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At the Convention, Music Can Also Be the Medium At the Convention, Music Can Also Be the Medium

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NJ Daily

At the Convention, Music Can Also Be the Medium

Leader of the band: Breeden(Liz Lynch)

photo of Alex  Roarty
August 29, 2012

It sealed what will surely go down as one of this Republican National Convention’s most memorable moments. Ann Romney, after delivering an emotional testimonial on behalf of her husband, turned to walk off the stage hand-in-hand with him on Tuesday night. And the classic song from The Temptations, “My Girl,” blasted through the arena as thousands stood to cheer.

Frank Breeden did not create this scene—but he put the musical cherry on top. The convention entertainment director is responsible for making sure that what is at its heart a stodgy political event can at least occasionally get people dancing, clapping, or tearing up.

Sometimes, as in the case of Ann Romney, music can augment a scene that may reverberate all the way to November.


“Politics is about sending a message, and using music is just a very important currency these days,” said the 55-year-old Breeden, a Washington literary agent who is also former president of the Gospel Music Association. “Entertainment marketing is used to convey messages to build support in any other sector of life.”

The convention stage in Tampa is flanked by small platforms where the bands play, with the house band conducted by G.E. Smith, the former musical director for NBC’s Saturday Night Live, on one side and the other featuring a rotating collection of groups.


Nearly every speaker walks onstage accompanied by music. Breeden estimates that he has more than 200 songs ready for those entrances, and they share a common theme. “It’s always safe, and it seems to be uplifting and inspiring,” he said.

Although the music can reinforce the message, Breeden’s main mission is less political. “You must entertain,” he said. “Entertainment is required. After three, four hours of sitting in these seats, they need some variety. It feels good in the middle of the convention to stand up and dance. It’s just fun. It creates memorable experiences, and it’s unifying.”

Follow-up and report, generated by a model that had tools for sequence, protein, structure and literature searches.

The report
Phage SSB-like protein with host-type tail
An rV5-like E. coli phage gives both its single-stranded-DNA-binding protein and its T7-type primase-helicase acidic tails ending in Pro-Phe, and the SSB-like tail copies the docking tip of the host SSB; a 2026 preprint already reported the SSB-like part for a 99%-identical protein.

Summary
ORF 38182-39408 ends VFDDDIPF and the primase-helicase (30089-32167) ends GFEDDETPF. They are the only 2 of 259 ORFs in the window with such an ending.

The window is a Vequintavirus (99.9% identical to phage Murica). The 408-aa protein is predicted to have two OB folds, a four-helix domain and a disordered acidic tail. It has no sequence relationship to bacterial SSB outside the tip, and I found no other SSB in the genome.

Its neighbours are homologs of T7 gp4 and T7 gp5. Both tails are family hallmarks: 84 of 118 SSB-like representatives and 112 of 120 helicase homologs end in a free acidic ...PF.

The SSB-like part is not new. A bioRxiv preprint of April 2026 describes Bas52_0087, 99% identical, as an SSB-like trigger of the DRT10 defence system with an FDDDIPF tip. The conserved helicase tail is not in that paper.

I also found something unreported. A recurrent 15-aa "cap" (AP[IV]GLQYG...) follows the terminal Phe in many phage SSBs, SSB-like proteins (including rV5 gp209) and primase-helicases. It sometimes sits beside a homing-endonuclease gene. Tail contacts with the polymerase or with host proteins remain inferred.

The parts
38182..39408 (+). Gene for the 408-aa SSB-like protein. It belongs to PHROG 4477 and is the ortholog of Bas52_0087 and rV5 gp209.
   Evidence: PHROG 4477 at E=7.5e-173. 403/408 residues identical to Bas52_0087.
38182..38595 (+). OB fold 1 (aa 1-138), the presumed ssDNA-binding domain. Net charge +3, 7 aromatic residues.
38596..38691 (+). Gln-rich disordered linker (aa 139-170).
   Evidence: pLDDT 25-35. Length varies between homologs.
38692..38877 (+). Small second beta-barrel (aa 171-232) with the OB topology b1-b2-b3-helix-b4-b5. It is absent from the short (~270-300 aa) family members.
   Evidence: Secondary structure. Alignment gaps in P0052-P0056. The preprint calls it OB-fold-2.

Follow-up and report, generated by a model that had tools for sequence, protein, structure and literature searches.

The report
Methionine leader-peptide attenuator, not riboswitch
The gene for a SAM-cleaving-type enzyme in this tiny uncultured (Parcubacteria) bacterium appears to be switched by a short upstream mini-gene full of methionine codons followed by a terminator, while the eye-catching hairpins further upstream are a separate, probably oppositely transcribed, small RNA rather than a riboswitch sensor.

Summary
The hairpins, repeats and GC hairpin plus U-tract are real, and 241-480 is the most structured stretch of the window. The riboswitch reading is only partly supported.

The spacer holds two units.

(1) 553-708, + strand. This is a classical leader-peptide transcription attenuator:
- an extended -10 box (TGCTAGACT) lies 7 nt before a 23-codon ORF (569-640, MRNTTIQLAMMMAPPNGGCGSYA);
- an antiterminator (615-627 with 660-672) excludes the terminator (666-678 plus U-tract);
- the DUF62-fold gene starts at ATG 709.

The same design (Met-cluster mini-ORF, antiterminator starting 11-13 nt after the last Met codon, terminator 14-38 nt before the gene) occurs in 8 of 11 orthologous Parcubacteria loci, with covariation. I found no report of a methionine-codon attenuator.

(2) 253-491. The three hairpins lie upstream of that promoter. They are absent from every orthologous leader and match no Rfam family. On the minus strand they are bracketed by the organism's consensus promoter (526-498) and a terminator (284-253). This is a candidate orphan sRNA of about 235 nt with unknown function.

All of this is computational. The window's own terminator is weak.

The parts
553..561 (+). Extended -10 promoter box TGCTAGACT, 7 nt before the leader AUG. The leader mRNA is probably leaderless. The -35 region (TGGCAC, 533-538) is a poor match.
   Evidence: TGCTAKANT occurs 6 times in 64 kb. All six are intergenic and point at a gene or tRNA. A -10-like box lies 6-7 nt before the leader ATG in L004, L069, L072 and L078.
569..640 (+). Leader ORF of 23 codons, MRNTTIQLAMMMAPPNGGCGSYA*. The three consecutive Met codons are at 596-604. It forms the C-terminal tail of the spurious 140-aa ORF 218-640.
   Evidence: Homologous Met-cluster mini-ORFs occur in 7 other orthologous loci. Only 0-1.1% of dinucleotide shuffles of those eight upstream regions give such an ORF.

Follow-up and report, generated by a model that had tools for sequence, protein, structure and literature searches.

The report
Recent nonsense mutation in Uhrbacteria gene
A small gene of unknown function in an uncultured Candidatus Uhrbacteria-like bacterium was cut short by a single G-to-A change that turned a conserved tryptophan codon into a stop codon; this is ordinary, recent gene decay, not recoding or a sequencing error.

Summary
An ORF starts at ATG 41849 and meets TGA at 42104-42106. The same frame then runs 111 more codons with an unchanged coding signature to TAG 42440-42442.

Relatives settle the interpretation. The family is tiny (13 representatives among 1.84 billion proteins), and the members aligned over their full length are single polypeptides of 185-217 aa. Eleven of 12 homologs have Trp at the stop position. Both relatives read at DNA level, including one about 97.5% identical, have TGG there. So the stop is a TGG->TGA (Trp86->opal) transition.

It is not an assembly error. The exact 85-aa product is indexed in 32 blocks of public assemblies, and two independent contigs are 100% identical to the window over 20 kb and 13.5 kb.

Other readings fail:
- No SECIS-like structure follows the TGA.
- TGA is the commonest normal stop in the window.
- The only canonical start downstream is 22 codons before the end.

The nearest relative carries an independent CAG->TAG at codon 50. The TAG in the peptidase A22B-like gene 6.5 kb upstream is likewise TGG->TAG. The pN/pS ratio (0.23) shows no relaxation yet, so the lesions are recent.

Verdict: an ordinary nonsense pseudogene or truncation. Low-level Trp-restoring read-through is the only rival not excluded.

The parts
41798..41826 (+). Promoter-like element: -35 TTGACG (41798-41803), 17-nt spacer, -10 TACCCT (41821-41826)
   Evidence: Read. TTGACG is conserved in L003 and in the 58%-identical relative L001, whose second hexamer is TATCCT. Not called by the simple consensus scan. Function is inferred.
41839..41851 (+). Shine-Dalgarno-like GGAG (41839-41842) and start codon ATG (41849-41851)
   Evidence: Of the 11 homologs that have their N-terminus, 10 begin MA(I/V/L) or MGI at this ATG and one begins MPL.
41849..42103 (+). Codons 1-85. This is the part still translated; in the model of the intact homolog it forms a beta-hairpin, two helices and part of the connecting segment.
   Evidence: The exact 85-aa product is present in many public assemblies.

Breeden doesn’t simply concern himself with the crowd in the arena seats; he also has to entertain the millions of potential voters watching at home, most with scores of other channels at their disposal. “It’s more than a live television show; it’s a convention where important business is being conducted,” he said. “But not every business meeting has millions of dollars in assets conveying its message to a watching world. You’ve got to keep in mind, in addition to its business, its political side, which is very important—it’s also a TV program that’s competing for viewers.”

The convention has already featured some marquee musical moments. The rock band 3 Doors Down closed Tuesday’s program with the world premiere of a new song—the first time that has ever happened at a convention, according to Breeden. And country-music star Lane Turner sang two songs written specifically for the convention: “I Built It” and “Blood, Sweat, and Freedom.”

That’s a lot of musical heft for a political convention, particularly for a Republican Party whose politics often are at odds with many in the entertainment industry. But Breeden, who coordinated entertainment for the 2004 GOP convention as well, says that people shouldn’t assume Hollywood and the music business are nests of liberals. “That may be true—we don’t have a census on that,” he said. “But I’ve had more outward expressions of support this time around than any time in memory for me.”

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